In Making the best of byways – see the Government Publications page – it was recognised that:
… voluntary restraint can be a useful tool for management of byways where reductions in mechanically propelled vehicle traffic is desirable, but not where the prohibition of mechanically propelled vehicles is agreed to be necessary.
LARA has co-ordinated a number of successful voluntary restraint schemes in the past although, at present (January 2017), none are current. When considering a LARA-sponsored voluntary restraint scheme, the following criteria must be considered:
- Is it relevant? Restraint must be likely to solve a real problem (not just as punishment for overuse, or as a short cut to a TRO).
- Is it minimal? It must not extend beyond what is needed (if bikes are not a problem, do not include them).
- Is it finite? It must be for a maximum of 3 months, but then renewable (for a further 3 months only) if progress is being made and more time can be seen to be needed.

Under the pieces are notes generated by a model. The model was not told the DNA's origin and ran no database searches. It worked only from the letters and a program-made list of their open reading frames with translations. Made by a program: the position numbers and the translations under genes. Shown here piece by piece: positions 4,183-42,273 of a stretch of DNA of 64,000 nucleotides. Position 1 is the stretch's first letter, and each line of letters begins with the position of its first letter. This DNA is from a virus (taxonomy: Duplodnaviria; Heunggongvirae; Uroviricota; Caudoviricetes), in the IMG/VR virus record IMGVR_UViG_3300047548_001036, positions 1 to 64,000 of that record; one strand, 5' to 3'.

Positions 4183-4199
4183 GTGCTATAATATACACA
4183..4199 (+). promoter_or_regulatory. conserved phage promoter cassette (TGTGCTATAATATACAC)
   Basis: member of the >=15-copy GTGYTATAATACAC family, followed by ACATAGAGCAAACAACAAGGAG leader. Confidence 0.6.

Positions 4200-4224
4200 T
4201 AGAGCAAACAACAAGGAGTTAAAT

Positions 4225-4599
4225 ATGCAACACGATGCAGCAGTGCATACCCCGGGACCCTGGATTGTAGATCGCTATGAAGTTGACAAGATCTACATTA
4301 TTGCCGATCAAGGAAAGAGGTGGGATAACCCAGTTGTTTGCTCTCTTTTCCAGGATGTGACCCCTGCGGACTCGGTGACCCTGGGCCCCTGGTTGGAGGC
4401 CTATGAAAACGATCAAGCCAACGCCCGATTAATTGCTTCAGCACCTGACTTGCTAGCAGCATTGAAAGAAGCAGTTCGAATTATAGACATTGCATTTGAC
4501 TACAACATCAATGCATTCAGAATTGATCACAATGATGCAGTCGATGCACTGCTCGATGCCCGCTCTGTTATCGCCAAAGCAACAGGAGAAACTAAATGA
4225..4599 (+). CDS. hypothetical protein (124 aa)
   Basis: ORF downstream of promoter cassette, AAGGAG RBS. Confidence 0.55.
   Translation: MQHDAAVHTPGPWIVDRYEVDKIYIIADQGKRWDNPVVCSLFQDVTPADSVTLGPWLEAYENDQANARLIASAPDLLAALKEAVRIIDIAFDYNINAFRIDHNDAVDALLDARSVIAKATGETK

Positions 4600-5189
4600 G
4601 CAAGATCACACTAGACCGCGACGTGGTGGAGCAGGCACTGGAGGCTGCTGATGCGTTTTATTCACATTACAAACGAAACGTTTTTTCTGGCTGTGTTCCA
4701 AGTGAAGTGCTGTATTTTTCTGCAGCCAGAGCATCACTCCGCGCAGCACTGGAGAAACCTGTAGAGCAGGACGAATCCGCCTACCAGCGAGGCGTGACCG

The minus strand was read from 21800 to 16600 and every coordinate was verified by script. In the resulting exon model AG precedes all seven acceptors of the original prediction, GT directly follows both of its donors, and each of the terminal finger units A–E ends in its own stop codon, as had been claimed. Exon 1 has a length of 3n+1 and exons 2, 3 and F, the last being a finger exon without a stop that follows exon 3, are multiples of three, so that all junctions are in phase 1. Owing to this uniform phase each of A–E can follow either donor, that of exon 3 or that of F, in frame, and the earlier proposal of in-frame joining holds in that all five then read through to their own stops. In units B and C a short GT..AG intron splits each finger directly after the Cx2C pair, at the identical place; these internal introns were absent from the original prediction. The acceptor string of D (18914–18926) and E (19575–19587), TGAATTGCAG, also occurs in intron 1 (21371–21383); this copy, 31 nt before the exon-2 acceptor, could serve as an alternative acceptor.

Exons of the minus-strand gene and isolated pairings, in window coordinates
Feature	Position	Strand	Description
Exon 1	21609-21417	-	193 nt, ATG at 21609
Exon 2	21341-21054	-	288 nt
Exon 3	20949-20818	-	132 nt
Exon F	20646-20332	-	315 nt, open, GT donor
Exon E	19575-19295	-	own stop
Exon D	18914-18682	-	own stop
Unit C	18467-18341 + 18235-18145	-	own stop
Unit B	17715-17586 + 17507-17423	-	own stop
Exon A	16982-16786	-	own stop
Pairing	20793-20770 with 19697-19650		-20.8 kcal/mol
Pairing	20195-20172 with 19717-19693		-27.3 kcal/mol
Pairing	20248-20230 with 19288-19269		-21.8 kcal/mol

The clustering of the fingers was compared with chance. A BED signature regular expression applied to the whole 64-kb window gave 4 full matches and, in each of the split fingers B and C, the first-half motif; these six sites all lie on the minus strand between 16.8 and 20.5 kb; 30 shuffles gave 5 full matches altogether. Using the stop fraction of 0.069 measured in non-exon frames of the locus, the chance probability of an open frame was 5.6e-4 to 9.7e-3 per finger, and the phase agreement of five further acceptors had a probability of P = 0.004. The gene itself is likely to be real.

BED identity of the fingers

- Is it non-threatening? The highway authority must agree that voluntary restraint will not prejudice highway rights.
- Is it legal? Written authority for the signs must be given by the highway authority.
- Is it comprehensive? Other users contributing to the problem must also agree to restraint by some formal system.
- Do we all agree? It must be agreed by local representatives of all LARA member clubs.
- Is it user-led? Any adverts and publicity must be in the name of LARA.
- Are there alternative routes? Neighbouring alternatives must be unobstructed and clearly available.
If you think that a voluntary restraint scheme may be appropriate for a unsealed road or byway in your area, please contact LARA.